Manufacturers are applying their experience gained developing electric cars to the home energy market
That electric vehicles are on our roads today stems directly from advances in battery technology.
Batteries were heavy, bulky and didn’t really hold that much juice. For many years, automotive manufacturers and many others besides grappled with the challenge of producing low-cost, energy-dense and relatively light-weight batteries.
Now manufacturers are applying their experience gained in developing electric vehicles to the home energy storage market. Elon Musk’s Tesla is launching its second-generation system here in February 2017, for instance.
Storage allows householders with solar to keep energy produced during the day, when demand is low, for use later when needed and when costs are typically higher. It also offers a handy back-up if the grid supply fails. In addition, batteries can be charged from the grid when energy costs are low and the energy sold back to the grid when prices are high – a potential source of revenue even for those without renewables.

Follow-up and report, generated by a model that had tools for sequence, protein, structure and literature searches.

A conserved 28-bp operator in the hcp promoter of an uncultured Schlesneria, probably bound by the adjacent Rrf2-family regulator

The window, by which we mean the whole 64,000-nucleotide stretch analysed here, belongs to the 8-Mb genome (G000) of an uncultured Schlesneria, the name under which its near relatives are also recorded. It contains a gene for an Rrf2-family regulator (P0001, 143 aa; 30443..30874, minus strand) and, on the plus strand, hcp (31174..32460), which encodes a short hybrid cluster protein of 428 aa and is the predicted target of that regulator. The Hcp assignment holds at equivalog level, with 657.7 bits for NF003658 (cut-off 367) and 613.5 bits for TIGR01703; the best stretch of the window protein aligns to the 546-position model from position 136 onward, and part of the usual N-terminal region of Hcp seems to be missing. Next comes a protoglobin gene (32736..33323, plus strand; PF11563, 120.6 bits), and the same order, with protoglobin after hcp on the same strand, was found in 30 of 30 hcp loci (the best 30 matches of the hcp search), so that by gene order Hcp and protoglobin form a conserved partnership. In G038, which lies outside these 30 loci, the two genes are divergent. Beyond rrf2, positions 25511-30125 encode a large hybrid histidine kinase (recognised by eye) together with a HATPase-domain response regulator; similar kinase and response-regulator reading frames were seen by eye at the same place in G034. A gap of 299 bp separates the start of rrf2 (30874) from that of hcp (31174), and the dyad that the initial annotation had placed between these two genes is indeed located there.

Despite these advantages and the increasing penetration of renewables, storage uptake has so far been relatively slow, with cost perceived as a major barrier. Increasing competition is set to change that though. Nissan began taking pre-orders for its xStorage system in September in a bid to smash the perceived price threshold, with a basic unit costing around £3,000 installed.
Nissan, together with power electronics firm Eaton, is reusing previously in-service battery modules from electric vehicles. Having reached the end of life for use in cars, the batteries have more than sufficient life to endure years of far less demanding domestic service, Nissan says. Recycling them for a new role saves a major part of the cost.
Tesla, Nissan and automotive interests in general are not alone in the domestic energy storage arena. With the cost of household storage tumbling, a major piece of the clean energy puzzle is falling into place.